Metrics are important because what gets measured gets done. If improved drafting productivity is your target, by all means measure your productivity. But most high-quality developers have gone beyond simple productivity measures. Their focus has turned to improving the way customers perceive quality and making R&D investments more effective. There is no question that it is more challenging to construct measures that deal with those issues.

Most management teams vastly underestimate the time needed to design and implement a strong metrics program. You’ll need time up front to collect data for a solid baseline. Experts recommend you plan on years, not months, to get metrics functioning effectively.

One of the least utilized tools is predictive metrics. These measure activities or results critical to the major goals you want to achieve. Suppose you want to improve your on-time completion rate. Unfortunately, collecting data on schedule compliance after the product is released is like reading yesterday’s newspaper. The idea is to track things that tend to predict whether the project will come out on schedule.

Metrics we’ve seen tracked in this regard include requirement changes, design changes after prototype, and time-to-achieve-full-staffing. All these can help identify problems early.

Lonely at the top
One of the top complaints we’ve heard from product-development professionals is a feeling of isolation from upper management. Companies with active efforts in CE often lament that they “can’t get the GM to a scheduled meeting, much less explore ideas informally.” We also hear frequently that top managers don’t communicate what they really expect from their product-development capability.

Less common, but no less troubling, is the opposite problem. At a medium-sized business equipment company, many of the top executives had engineering backgrounds. They regularly insisted on personally directing design reviews, redirecting technical approaches, and fighting fires. The product developers never felt neglected, but never felt truly supported either.

Top management in the best IPD programs supports product development but doesn’t run it. One East-coast manufacturer assigns “management angels” to key development programs, for example, to help to remove obstacles.

Studies have shown that management typically pays most attention to product development at the end of the program, when it’s often too late. Mature organizations we’ve seen are adept at engaging management support early — to set charters and strategy, establish direction and expectations, and commit resources.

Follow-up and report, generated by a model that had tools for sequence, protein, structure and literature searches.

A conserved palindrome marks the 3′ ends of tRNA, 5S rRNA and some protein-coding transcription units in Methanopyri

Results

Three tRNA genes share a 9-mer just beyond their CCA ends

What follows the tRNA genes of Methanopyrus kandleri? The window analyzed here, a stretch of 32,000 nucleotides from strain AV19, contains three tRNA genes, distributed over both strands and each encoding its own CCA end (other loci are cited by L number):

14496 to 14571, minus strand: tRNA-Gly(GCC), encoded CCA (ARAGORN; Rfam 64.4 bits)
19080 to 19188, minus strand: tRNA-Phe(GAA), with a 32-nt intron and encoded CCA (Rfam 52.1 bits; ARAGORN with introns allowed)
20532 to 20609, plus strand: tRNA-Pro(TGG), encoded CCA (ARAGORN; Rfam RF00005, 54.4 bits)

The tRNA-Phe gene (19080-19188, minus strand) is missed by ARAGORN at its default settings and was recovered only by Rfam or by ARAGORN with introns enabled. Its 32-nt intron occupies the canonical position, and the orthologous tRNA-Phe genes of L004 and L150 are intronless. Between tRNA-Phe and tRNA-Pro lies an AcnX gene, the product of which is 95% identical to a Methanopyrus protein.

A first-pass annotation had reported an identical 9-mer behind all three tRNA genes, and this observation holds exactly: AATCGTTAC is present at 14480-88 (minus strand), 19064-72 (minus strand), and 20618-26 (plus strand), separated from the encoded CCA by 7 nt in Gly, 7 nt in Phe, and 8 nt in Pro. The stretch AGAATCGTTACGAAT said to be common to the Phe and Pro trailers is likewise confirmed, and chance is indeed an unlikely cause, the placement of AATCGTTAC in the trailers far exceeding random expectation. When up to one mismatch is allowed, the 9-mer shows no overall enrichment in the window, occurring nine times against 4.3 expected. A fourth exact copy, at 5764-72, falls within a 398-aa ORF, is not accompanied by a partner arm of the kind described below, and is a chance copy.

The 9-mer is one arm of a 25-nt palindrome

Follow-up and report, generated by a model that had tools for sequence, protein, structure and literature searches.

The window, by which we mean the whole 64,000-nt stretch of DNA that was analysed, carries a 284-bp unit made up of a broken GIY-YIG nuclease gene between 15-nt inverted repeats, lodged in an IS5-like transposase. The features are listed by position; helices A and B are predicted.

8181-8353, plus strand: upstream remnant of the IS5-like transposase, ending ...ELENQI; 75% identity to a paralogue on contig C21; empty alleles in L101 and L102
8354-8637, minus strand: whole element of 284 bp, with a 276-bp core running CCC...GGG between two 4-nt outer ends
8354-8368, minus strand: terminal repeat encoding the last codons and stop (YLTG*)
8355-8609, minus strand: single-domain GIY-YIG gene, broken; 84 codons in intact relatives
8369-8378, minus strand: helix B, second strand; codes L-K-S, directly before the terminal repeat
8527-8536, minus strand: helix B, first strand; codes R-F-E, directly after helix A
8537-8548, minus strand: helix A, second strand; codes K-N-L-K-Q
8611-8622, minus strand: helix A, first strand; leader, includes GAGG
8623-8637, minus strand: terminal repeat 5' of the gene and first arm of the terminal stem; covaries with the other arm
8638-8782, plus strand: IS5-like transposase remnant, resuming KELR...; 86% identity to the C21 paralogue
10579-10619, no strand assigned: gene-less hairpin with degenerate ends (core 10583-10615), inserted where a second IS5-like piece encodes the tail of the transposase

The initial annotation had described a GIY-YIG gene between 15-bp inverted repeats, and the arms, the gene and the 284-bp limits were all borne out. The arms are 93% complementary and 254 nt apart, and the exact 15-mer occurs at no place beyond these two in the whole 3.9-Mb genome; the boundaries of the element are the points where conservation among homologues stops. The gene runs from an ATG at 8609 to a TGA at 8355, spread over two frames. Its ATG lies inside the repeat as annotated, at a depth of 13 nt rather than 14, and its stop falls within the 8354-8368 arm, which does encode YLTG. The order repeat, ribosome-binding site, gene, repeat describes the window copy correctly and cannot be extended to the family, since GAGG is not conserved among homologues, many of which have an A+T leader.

One of the most important roles of top management is to set the product-development agenda. No actions speak louder in establishing that agenda than selecting the right projects to work on. This ability to “do the right things,” in addition to “doing things right,” is a key differentiator of excellent IPD companies. Signs of this maturity include few canceled projects and few delays waiting for resources.

Many companies are effective with cross-functional teams. Far fewer are effective at blending cross-functional perspectives in selecting projects. One firm that does this well is a medical equipment supplier whose general manager chairs a project-approval committee. Committee membership includes representatives from engineering, manufacturing, and marketing. They judge set of screening criteria (Does the customer care? Can we win? Do we care? Can we do it?) to manage the flow of projects from concept to launch.

Managing change
It’s no secret that new organizational strategies are tough to implement. This is certainly true of IPD where new tools are involved, old jobs and skills disappear or become less important, and new ones take their place. All of this involves managing change.

However, change initiatives in recent years have received a bad reputation. From TQM to customer satisfaction to reengineering, the initiative du jour has often been a passing fad. To be truly effective, and to avoid being subliminally lumped among the graveyard of failed improvement initiatives, good practitioners focus on:

Naming the program, naming the leader — A real activity needs a name. Perhaps more importantly, it needs a leader. The leader is charged with boosting competitiveness, must demonstrate results, and has a budget and a time frame for expected results.

Sponsors — To provide course correction and maintain momentum, one large manufacturer in the southwest enlisted its program manager council. These middle-level managers helped maintain interest and infuse new life in the CE program before there were any concrete results to point to, when initial efforts were waning.

A plan — Most noteworthy programs have a game plan in writing, with concrete goals and consequences if goals aren’t met. Ditto for processes. Most processes are historical; they were never planned, rarely documented, and often grew to support business priorities that no longer exist. New tools — simulations, PDM systems, advanced groupware and the like — can only provide benefits if the company is geared up to make use of them. Deploying new tools to automate existing processes usually delivers little.

Knowledge sharing